The light source 2 may be any kind of laser suitable for illumination, such as for instance a frequency doubled Nd-YAG laser, an Argon-Ion laser or a laser diode. The projection means 4 may e.g. comprise a moveable mirror for projecting the laser beam 3 along a predetermined path on the surface 5, thus producing an image comprising, for instance, text. In that case the mirror is preferably combined with a shutter (not shown) in order to modulate the laser light beam. Of course, many other types of projection means may be used, such as sweeping projection means producing an image comprising a number of lines similarly to a normal television apparatus, and projection means comprising liquid crystal modulators. In general, any kind of projection means is conceivable according to the invention as long as a highly coherent light source is used and there is a need for the reducing of speckle artifacts.
As illustrated in
The laser projection system further comprises speckle reduction means 6, 7 for reducing the coherence of the laser beam 3, in order to reduce speckle artifacts. The speckle reduction means 6, 7 comprises a transparent cell 6 and means 7 for controlling and varying the optical path length of the laser beam 3 when propagating through the cell 6.
When the optical path length varies, the coherence of the light beam is reduced, not in space, but in time. This means that the phase of the light varies substantially over time, but that the light beam is instantaneously coherent at any point along its path. This provides an effect that corresponds to vibrating the projection surface 5 in the direction of its normal.
The optical path length is varied by displacing first and second fluids with different refractive indices in the cell 6. By doing this, the distance the laser beam 3 travels through the fluid with the highest refractive index can be made to vary. Preferably, the displacing is carried out using the known electrowetting effect. An example of a cell 6 provided in this way will now be described.
The lens comprises a tubular side wall part 10 and first and second transparent end walls 11, 12, together defining a cylindrical, closed space. The interior of the side wall part 10 is covered with an electrode layer 14, e.g. a metal layer. The electrode layer is covered by a hydrophobic, insulating layer 15, such as Teflon™ AF1600 (DuPont™).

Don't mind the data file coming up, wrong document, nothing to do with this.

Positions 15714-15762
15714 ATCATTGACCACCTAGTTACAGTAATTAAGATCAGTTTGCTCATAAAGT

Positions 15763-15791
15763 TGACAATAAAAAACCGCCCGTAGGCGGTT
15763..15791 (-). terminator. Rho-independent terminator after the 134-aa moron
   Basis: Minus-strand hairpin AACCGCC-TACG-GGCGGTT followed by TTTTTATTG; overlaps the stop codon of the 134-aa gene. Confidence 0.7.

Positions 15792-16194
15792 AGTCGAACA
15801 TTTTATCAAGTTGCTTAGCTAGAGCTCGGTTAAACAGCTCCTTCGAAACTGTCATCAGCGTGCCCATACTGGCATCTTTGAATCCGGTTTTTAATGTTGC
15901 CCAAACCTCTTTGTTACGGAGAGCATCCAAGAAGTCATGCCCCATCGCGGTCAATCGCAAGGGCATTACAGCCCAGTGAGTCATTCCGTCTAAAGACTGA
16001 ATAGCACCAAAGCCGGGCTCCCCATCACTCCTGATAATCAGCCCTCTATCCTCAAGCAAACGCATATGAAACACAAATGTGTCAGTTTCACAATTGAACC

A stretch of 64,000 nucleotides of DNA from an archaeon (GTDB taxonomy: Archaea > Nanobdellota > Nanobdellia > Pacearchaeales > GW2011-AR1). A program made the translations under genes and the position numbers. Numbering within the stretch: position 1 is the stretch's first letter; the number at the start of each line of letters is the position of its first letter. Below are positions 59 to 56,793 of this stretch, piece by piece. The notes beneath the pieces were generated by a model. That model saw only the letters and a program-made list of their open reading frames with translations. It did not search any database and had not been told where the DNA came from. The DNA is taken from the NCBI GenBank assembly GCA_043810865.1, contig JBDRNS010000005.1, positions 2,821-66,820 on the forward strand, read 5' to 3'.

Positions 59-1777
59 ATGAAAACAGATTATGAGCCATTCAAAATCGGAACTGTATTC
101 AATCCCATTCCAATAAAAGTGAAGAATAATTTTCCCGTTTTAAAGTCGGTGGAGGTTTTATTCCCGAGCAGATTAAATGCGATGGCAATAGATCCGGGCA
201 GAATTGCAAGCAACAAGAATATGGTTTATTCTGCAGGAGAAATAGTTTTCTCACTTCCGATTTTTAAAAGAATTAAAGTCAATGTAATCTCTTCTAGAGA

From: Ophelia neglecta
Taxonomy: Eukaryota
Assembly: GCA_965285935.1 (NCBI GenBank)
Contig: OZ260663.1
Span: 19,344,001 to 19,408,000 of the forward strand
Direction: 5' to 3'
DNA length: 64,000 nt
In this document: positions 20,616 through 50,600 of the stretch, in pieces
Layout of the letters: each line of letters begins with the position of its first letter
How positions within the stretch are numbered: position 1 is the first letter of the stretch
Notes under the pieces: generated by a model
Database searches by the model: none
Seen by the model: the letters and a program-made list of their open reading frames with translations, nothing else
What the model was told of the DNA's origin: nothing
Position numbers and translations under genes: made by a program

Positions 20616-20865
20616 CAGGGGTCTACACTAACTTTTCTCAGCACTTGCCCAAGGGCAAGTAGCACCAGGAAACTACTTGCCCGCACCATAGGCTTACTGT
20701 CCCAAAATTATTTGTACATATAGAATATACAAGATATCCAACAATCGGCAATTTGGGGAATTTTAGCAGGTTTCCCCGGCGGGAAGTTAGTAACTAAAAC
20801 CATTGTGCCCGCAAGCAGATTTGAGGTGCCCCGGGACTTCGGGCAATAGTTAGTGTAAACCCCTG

Said closed space is filled with first A and second B fluids, which are immiscible with each other and have different refractive indices nA and nB, respectively. The first fluid A is electrically insulating, e.g. a silicone oil or an alkane. The second fluid B is conductive and polar, e.g. a salt water solution. Preferably, the first and second fluids have equal densities.
In the state illustrated in
In accordance with an embodiment of the invention, the lens, constituting a cell 6, is controlled by a control unit 7 to alternate between the state of
In summary, the present invention relates to a laser projection system having means for reducing the coherence of a generated laser beam in order to reduce the occurrence of annoying speckle artifacts in images produced by the system. Coherence is reduced by letting the laser beam pass through a transparent cell comprising first and second immiscible fluids having different refractive indices. The fluids are displaced in the cell, preferably using an electrowetting technique. The cell may thus be realized as an electrowetting lens, which is driven with a pseudo random driving signal.
The invention is not restricted to the described embodiment. It can be altered in different ways within the scope of the appended claims.
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|JPH11101925A||Title not available|
|WO2003069380A1||24 Jan 2003||21 Aug 2003||Koninklijke Philips Electronics N.V.||Variable focus lens|
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|U.S. Classification||353/122, 372/22, 372/103, 353/98, 372/99, 359/665, 359/666, 359/259, 353/100, 359/667, 359/577|
|Cooperative Classification||G02B3/14, G02B26/06, H04N9/3129, H04N5/74, G03F7/70583, G02B26/005, G02B27/48|
|European Classification||G03F7/70L4H, G02B26/00L, H04N9/31B, G02B26/00L1, H04N5/74, G02B3/14, G02B27/48|
|19 Feb 2007||AS||Assignment|
Owner name: KONINKLIJKE PHILIPS ELECTRONICS N V, NETHERLANDS
Free format text: ASSIGNMENT OF ASSIGNORS INTEREST;ASSIGNORS:SANDERS, RENATUS HENDRICUS MARIA;WEEKAMP, JOHANNUS WILHELMUS;REEL/FRAME:018902/0730;SIGNING DATES FROM 20060324 TO 20060405
Owner name: KONINKLIJKE PHILIPS ELECTRONICS N V, NETHERLANDS
Free format text: ASSIGNMENT OF ASSIGNORS INTEREST;ASSIGNORS:SANDERS, RENATUS HENDRICUS MARIA;WEEKAMP, JOHANNUS WILHELMUS;SIGNING DATES FROM 20060324 TO 20060405;REEL/FRAME:018902/0730
|10 Feb 2014||FPAY||Fee payment|
Year of fee payment: 4